The Curse of Crow Hollow

imageI absolutely love receiving books in exchange for a review – despite what they do to the amount of memory on my iPad or the shelving space on my bookshelves –  but wow, it’s easy to start falling behind…  So this time, even though it was an ebook, I still went with the cover that jumped out.  And this time around, that belonged to The Curse of Crow Hollow by Billy Coffey.  The rest will just have to be patient.

Here’s a quick description to give you an idea of just what the novel is about:

Everyone in Crow Hollow knows of Alvaretta Graves, the old widow who lives in the mountain. Many call her a witch; others whisper she’s insane. Everyone agrees the vengeance Alvaretta swore at her husband’s death hovers over them all. That vengeance awakens when teenagers stumble upon Alvaretta’s cabin, incurring her curse. Now a sickness moves through the Hollow. Rumors swirl that Stu Graves has risen for revenge. And the people of Crow Hollow are left to confront not only the darkness that lives on the mountain, but the darkness that lives within themselves.

The one problem that I have with novel pretty much hit me over the head as soon as I started reading.  The narrator.  The voice of a hillbilly from the hollow who’s your insider for the story he’s about to tell.  Okay, there’s a reason behind the use of that narrator that becomes clear at the end, but the hickness of the language is a little off-putting until you get used to it.

I also had a little bit of an issue keeping the characters straight as there are quite a few people living in the small town of Crow Hollow that are a part of the story line.  And sometimes they’re referred to by first time, sometimes by last.  In that way it reminded me of Russian literature, where you have to put in some work remembering everyone and just who they are.  Outside of those two issues, it was a fun read.  And it was character-driven, despite all of the action surrounding secrets and revenge and misunderstandings and relationships formed over years together in a tiny mountain area.  And, of course, the possibility of a witch and dealings with the devil.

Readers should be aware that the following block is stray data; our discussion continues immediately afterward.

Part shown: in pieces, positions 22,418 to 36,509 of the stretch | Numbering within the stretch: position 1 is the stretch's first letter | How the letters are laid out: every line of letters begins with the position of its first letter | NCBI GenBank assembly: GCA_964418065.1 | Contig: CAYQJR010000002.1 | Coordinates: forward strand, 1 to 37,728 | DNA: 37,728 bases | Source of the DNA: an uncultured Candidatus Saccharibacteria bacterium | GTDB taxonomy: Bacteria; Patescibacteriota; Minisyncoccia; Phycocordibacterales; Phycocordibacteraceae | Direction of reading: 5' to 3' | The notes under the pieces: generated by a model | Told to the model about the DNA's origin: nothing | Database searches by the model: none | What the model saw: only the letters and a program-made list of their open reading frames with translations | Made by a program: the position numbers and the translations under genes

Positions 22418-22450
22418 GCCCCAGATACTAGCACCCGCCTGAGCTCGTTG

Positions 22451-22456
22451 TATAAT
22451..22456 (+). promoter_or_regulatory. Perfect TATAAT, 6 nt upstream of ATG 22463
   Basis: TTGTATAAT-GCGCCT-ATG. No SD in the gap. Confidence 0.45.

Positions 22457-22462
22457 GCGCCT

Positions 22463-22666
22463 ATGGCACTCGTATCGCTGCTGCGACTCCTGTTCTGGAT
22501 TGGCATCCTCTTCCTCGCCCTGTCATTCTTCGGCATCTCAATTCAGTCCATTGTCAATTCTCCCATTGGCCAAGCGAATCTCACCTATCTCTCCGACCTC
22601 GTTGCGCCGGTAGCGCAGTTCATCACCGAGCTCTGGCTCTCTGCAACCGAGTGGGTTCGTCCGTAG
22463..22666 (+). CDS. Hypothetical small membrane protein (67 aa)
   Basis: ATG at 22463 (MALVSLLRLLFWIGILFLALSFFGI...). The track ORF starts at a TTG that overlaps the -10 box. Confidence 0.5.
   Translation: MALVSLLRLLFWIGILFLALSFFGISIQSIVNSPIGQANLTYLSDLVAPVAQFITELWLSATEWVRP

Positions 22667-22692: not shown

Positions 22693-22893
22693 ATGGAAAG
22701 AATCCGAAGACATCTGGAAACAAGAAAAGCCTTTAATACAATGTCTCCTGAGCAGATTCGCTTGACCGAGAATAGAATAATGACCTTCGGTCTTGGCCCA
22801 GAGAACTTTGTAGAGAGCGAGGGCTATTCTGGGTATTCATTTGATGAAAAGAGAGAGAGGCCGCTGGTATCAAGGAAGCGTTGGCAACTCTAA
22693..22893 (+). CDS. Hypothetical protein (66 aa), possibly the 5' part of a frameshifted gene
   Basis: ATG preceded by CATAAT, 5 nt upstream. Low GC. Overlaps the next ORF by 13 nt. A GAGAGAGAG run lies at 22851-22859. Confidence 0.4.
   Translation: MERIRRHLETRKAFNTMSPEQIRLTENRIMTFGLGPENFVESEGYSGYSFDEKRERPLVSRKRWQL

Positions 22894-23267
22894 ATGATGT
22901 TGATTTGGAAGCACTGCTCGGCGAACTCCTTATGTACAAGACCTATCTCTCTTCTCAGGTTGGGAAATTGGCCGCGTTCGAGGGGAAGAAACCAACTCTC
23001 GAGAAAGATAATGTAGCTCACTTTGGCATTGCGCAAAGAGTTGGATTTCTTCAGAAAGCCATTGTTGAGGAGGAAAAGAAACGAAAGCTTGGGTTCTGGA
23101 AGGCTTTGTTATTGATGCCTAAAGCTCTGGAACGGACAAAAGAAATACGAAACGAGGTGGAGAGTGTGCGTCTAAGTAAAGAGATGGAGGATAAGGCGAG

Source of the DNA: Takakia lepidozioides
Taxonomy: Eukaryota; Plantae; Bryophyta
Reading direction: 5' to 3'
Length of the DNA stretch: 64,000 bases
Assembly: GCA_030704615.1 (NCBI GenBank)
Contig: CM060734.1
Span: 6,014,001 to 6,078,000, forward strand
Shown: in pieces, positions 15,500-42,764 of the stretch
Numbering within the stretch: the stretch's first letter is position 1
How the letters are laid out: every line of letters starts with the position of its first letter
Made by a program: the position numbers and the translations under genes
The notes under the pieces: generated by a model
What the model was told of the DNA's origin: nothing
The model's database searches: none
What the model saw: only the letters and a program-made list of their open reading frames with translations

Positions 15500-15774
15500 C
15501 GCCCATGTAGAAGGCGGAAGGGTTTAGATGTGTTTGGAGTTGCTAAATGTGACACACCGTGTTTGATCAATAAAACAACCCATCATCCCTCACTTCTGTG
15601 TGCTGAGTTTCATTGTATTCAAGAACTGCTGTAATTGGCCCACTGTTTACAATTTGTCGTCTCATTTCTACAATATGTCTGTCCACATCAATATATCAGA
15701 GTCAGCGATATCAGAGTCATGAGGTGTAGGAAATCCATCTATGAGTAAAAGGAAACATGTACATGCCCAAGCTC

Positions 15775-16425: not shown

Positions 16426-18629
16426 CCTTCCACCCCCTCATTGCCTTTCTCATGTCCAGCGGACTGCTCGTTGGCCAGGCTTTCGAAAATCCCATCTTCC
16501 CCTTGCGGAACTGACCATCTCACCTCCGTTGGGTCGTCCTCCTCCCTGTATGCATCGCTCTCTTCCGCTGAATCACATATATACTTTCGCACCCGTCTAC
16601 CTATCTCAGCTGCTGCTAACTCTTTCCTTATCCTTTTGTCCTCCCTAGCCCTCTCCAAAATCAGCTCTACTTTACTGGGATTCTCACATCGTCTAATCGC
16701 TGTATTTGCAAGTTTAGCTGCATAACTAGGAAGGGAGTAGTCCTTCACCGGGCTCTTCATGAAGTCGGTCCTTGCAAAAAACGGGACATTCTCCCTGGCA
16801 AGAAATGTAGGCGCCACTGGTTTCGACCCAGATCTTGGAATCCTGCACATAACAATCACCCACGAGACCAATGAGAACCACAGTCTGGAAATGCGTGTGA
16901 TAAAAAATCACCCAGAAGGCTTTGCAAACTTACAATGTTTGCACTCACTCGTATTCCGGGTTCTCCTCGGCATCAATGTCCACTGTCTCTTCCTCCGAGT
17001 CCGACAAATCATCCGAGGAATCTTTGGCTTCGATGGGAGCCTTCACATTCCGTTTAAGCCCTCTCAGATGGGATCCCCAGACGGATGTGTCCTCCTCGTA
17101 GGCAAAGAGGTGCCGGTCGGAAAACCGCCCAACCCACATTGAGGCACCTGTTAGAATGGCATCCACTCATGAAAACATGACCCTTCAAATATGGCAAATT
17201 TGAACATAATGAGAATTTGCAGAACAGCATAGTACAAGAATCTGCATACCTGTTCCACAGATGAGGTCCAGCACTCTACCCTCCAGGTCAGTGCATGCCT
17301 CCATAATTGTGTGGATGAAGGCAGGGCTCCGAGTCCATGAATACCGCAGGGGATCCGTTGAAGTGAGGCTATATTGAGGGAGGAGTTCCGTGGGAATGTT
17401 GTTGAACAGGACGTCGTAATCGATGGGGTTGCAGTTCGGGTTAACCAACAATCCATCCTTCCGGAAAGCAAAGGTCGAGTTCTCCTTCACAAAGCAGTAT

As I went through the book, I kept thinking that this was a pretty good book – a solid 3 out of 5 (still working on a better rating system to use…).  But then, the farther I made it through, I realized that I was reading when I should be writing, reading when I should have been sleeping, and generally reading another chapter or two, or just another few pages before setting it down.  And that’s a sign that it was better than average.  It’s the connection that writers want to develop with their readers.  It’s what I’m hoping to have with the people who read mine.  Even whoever reads my rough draft I hope misses out on hours of sleep…

Until then, it’s time to flip through the list to find the next cover that sucks me in.  Sure, you can’t judge a book by its cover.  But you can choose a book to judge by its cover.  That’s completely fair…


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